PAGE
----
No, not odd at all. I have read that a lot of Amish have embraced solar panels and LED lighting systems. That seemed strange until I read a quote from one of the Amish farmers who had switched over. I paraphrase: “We are not against technology. We just think that things should be kept simple. Using solar panels and LED lights is simple — in fact it is a whole lot simpler than oil lamps, and buying and storing oil, and maybe even burning down the barn and the animals, or maybe even burning down the house with the family in it.” My take-away was that the Amish are not Luddites; they just like to make sure that their lives stay simple. The older I get, the more sense that makes to me.

  13. E.M.Smith says:


    Well, I think the “button controversy” kind of explains it…. Buttons are (were?) thought of as “prideful” because they took a long time to make one at a time and were expensive (thus showing off). For this reason, buttons were more or less taboo for a long time. “Frogs” (a kind of toggle) were more common along with various kinds of ties. Then automation made buttons about as dirt cheap as you can get.

    About 40? years ago many Mennonites were wearing buttons and the Amish were ’tisk tisking’ about it… then some Amish pointed out how daft, not simple, and prideful it was to be buying store bought shirts with buttons and taking them off to put on toggles… IIRC, it was about 30? years back that it became “ok” to just use buttons as it was simple and folks decided not so prideful anymore…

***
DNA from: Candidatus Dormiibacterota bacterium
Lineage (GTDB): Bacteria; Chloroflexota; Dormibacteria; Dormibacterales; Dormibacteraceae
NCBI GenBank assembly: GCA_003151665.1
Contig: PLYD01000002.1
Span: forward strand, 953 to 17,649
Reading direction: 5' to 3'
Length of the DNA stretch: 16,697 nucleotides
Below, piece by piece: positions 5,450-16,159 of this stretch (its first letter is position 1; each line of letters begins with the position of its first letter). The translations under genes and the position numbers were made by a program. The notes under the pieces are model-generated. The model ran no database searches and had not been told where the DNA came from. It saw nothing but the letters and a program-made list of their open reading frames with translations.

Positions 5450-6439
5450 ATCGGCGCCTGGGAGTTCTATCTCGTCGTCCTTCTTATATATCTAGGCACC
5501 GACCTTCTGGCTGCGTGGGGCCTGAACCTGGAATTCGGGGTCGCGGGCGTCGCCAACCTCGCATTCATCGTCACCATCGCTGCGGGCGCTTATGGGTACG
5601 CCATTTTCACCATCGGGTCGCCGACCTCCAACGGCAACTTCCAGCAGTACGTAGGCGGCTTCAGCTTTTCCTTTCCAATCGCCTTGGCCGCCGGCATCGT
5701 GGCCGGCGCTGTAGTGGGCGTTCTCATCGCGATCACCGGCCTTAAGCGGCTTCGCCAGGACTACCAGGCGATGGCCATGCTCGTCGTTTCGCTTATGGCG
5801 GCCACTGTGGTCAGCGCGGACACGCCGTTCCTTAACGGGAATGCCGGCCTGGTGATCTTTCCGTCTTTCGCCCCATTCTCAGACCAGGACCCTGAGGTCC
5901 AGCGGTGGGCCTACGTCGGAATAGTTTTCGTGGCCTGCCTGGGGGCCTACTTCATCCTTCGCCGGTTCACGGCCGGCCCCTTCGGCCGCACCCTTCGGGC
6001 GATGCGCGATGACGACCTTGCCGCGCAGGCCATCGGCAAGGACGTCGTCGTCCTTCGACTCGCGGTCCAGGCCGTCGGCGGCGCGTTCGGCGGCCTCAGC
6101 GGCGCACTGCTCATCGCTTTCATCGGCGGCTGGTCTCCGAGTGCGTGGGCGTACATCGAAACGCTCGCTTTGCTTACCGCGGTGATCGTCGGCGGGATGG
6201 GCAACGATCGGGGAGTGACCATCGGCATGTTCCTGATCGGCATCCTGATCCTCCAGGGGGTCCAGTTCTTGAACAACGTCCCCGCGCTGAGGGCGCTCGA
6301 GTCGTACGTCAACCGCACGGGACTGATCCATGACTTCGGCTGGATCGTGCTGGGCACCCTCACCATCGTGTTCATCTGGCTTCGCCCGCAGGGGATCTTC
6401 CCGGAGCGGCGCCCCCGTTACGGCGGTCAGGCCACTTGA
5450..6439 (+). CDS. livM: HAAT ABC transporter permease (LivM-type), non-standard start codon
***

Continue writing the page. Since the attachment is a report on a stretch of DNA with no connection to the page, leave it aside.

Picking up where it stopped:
That is, more or less, the process. A tractor is expensive, depends on oil from off the farm, can need parts and repairs, and is, well, prideful. Large draft horses any Amish can care for. No money need leave the farm, and they replace themselves. (Maybe still a bit prideful… especially at pulling contests ;-) So Amish avoided engines and tractors. Now, even some kinds of motors are being accepted and some Amish even will drive a car to work if they don’t have a farm of their own. Times change. Just very slowly…

    But the self reliance, simple and easy to work; those are constant.

  14. Julian Jones says:

    The ‘buttons’ analogy is really helpful; so often traditional agricultural systems hold back our understanding by such strictures or other arcane descriptions.

    By failing to fully quantify slowly & safely evolved farming systems, we are at risk of repeating past mistakes of short term ‘slash & burn’ thinking, by going always for the apparently ‘cheapest’ fix, which in the case of Haber nitrates (great though the apparent short term gains are) cannot actually maintain soil quality which is the primary resource here. Of course neither fully does farmyard manure a weakness of much organic farming – whereas composted manures & teas does; no wonder the Amish with their understanding here think the rest of society are bonkers… (There are similarities here with the extraordinary Biodynamic agriculture also based on trad holistic European farming).